6 Fun Road Trip Games to Keep the Kids Entertained
Warmer weather means family road trips. But as every parent who’s ever taken one knows, cries of “Are we there yet?” usually begin even before the first rest stop.
Luckily, there are plenty of ways to pass the time without resorting to endless movies and mindless, solitary screen time. Here are six kid-pleasing car games the family can play together that will keep backseat bickering, shoving, caterwauling and finger pointing to a minimum — and ensure everyone arrives ready for fun.
A classic that still helps the miles go by. Each passenger takes turns spotting letters in alphabetical order on signs, license plates or whatever passes by (for instance, the first player might point out the A on a sign, the second might find a B on a license plate, etc.) For a tougher challenge, set the rule that only the first letter of a word counts – so a sign for Subway could be used to play S, but not B or Y. Or start from Z and go backwards – and if you're the first player, hope that you find a zoo soon!
This road-trip version of the popular outdoor game will entertain your kids while sharpening their observation skills. Before hitting the road, create a written list of ten items that each child needs to find along the way: animals, types of vehicle and so on. For younger riders, keep it simple – a gas station, signs for familiar restaurants, a bus. Older kids can search for trickier finds: three pictures of animals, a billboard advertising a casino or theme park, a NAPA AUTO PARTS store, four cars with stick-figure family stickers on the rear windshield. First one to finish their list is the winner.
Going on a Road Trip
How good is your family's memory? Test it out by playing this progressive list game. The first player starts by announcing, “I’m going on a road trip, and I'm bringing apples.” The second player repeats the previous item, then adds another beginning with the next letter: “I’m going on a road trip, and I’m bringing apples and broccoli.” Each player has to recall all the previous items before adding a new one; anyone who skips a letter is out. For a tougher version, limit the list to a particular category (only fruits or animals). By the end of the game, you should have quite an assortment of oddities for your trip!
Down by the Bay
Does the thought of hearing every refrain of “99 Bottles of Beer on the Wall” make you want to gulp down a few of those bottles yourself? Try this far more tolerable alternative. Familiarize yourself with the refrain (you can hear it here):
Down by the bay
Where the watermelons grow
Back to my home
I dare not go
For if I do my mother will say
Did you ever see a moose kissing a goose
Down by the bay?
Then have every family member take turns coming up with new rhymes for the “Did you ever see” line. You're limited only by your imagination. The sillier, the better. (Did you ever see a frog sitting on a log? An egg with a broken leg? Did you ever see Darth Vader working as a waiter?)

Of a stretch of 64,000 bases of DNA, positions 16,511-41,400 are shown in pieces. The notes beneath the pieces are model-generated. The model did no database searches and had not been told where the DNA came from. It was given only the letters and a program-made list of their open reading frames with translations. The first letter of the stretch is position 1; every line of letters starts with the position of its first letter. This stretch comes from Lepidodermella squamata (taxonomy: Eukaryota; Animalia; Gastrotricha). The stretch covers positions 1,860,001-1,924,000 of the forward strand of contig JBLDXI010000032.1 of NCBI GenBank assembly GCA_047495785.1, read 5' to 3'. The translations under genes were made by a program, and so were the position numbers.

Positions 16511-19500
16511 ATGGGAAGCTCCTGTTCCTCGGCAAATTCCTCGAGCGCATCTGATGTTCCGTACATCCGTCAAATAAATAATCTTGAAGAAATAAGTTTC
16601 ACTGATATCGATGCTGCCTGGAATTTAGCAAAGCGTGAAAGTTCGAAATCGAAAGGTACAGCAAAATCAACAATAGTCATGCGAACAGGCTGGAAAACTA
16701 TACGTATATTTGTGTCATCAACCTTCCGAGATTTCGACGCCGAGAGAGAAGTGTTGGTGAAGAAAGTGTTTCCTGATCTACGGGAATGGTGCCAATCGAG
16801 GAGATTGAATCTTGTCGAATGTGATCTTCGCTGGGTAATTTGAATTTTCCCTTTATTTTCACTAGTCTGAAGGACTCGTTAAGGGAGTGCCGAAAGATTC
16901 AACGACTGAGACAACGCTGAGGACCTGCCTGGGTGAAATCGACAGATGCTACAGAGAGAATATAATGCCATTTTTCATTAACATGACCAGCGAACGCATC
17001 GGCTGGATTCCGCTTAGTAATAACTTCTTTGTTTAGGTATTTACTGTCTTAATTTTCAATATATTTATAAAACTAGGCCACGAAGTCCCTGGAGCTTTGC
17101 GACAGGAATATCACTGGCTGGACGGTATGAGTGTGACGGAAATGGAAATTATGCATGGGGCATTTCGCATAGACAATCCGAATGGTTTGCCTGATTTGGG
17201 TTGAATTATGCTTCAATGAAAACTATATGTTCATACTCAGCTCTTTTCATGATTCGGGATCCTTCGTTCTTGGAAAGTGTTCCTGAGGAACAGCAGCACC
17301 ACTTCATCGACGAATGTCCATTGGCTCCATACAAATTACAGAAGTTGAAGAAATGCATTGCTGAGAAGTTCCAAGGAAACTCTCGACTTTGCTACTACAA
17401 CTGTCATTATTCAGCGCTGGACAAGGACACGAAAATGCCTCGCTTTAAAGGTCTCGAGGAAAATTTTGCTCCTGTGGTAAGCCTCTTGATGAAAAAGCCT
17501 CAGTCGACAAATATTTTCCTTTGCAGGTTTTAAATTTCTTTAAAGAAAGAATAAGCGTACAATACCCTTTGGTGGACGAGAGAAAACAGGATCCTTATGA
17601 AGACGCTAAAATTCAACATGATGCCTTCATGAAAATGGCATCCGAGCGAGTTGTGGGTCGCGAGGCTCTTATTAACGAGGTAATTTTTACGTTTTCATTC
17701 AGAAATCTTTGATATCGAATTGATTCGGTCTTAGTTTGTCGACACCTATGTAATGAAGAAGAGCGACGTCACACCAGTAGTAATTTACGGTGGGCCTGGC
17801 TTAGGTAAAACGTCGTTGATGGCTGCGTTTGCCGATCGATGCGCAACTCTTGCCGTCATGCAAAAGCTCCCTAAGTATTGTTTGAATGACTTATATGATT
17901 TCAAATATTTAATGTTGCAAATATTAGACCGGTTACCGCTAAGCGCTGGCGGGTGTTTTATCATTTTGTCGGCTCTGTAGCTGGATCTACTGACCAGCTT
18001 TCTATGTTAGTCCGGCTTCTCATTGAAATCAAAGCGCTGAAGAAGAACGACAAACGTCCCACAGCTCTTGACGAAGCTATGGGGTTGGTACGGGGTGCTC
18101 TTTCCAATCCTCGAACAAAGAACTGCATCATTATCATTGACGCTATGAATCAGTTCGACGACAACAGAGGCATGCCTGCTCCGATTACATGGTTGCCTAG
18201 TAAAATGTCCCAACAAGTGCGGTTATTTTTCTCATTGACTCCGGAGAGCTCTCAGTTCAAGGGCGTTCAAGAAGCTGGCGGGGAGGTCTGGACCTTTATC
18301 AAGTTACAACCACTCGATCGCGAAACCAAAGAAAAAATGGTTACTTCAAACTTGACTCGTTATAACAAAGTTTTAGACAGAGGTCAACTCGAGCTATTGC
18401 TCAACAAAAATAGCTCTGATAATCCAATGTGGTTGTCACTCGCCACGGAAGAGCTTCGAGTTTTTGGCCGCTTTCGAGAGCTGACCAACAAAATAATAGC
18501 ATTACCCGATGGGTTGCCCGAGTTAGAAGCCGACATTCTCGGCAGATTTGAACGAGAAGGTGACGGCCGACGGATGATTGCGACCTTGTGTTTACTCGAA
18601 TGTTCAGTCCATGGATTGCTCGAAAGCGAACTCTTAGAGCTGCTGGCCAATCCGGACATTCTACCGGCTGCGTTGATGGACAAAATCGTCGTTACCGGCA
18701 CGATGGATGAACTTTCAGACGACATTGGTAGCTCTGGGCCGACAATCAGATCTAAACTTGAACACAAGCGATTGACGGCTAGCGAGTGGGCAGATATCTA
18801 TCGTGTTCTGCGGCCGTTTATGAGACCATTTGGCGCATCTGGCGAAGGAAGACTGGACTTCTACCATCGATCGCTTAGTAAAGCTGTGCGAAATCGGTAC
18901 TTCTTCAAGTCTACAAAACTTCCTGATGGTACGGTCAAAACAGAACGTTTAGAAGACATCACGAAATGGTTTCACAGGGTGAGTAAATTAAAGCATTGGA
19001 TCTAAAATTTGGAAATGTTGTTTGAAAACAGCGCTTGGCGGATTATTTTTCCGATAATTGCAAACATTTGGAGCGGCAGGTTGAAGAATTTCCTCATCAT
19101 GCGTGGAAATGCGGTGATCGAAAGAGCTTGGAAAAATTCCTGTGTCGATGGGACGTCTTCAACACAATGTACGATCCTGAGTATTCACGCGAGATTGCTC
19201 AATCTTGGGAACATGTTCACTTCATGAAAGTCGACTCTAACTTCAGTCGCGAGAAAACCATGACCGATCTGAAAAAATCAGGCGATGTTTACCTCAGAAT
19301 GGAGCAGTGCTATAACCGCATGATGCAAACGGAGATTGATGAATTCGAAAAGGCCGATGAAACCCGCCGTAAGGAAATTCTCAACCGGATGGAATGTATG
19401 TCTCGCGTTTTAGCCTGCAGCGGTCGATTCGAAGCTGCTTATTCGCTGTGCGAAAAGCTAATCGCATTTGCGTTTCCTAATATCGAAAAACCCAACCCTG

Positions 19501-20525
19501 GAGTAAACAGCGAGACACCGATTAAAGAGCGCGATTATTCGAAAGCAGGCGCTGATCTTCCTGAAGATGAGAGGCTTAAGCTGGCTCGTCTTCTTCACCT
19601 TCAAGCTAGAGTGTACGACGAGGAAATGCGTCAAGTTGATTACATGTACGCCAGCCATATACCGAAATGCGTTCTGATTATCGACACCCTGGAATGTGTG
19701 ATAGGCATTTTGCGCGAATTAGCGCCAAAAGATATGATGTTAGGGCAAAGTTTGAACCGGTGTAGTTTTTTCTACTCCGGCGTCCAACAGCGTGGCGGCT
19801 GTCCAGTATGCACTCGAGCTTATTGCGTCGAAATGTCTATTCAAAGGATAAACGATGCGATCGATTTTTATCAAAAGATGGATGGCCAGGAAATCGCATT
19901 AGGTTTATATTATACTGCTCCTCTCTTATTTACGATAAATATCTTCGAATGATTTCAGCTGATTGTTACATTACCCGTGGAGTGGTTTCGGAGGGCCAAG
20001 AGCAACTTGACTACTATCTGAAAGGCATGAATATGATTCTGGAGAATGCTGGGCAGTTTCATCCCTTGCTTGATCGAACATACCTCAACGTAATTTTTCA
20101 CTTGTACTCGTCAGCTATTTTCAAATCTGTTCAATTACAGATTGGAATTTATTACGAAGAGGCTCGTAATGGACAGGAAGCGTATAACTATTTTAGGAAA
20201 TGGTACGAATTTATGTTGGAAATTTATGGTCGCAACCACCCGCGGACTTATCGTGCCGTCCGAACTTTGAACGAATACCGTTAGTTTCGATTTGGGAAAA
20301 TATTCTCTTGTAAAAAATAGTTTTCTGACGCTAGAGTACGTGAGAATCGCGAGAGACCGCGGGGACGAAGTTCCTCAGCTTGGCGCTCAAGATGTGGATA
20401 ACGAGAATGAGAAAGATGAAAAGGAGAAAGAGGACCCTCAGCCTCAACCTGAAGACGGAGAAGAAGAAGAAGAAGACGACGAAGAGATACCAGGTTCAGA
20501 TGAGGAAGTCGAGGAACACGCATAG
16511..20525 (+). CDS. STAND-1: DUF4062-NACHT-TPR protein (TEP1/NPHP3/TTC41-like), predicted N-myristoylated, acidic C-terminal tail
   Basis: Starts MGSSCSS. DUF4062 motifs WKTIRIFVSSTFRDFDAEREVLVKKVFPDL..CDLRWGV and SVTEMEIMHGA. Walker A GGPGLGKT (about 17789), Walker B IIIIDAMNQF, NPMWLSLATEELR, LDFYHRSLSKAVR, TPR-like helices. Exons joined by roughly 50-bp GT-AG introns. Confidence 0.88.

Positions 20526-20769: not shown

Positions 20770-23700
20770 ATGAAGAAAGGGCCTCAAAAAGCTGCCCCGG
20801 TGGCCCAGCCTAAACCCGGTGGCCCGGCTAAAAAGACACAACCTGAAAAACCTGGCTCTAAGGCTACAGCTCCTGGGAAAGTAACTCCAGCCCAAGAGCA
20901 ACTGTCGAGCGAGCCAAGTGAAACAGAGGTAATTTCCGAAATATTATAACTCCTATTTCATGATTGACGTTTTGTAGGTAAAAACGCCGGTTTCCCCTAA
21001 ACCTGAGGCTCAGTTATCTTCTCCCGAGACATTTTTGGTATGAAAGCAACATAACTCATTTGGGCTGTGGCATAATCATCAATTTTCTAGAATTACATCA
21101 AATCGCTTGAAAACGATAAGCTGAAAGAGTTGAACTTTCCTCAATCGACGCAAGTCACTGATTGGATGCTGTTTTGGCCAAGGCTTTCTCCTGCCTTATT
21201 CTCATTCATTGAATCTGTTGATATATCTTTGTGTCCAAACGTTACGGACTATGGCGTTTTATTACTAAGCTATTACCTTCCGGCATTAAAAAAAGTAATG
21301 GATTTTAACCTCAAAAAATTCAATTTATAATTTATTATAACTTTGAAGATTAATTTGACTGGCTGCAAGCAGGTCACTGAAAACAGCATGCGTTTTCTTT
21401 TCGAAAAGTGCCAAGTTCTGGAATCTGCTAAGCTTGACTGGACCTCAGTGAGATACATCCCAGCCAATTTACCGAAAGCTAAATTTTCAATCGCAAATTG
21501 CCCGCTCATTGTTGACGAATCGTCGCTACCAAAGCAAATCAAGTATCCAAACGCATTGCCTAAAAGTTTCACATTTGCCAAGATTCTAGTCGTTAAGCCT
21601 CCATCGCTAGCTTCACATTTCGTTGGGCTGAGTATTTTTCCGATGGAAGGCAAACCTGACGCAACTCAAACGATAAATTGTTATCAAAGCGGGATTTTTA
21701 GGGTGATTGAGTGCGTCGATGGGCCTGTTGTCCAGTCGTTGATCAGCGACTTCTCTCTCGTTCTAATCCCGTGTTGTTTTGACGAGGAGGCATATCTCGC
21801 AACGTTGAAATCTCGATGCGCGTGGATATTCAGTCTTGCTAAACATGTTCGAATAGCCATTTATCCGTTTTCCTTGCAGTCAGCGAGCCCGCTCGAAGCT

Good news/bad news
This improv storyline game is not only lots of fun, it’ll also boost your kids’ writing ability when they return to school. Start off with a simple introduction and a “good news” prompt: “One day, I decided to drive to the beach. The good news is that it was a hot, sunny day.” The next player adds a “bad news” plot twist: “The bad news is that I got a flat tire on the highway.” The next player continues with a “good news” line (“The good news is that Superman was flying by, and he picked up the car and fixed the tire”). Keep alternating lines until the story comes to a good conclusion or until everyone is laughing too hard to go on – whichever comes first.
If your kids grumble at the thought of putting their phones and tablets away for the duration, suggest a compromise: They can use their electronics to look up interesting facts about the area you're visiting: the best ice cream shops, museums, parks, historic sites, etc. If you're hitting a theme park, let them visit its website and make a list of the can’t-miss rides, or check the park’s Facebook page to look at visitor feedback. Give them a limit – say, half an hour – and have them give a report when the time is up.
Along similar lines, you can have each child create a “dream day itinerary” based on what they learn about the destination. For example, one child might want to hit the snow tubing park or beach right after breakfast, see the aquarium in the afternoon and try the local Japanese hibachi restaurant for dinner. After the kids share their wish lists, everyone can decide on a plan that works for your schedule (and budget).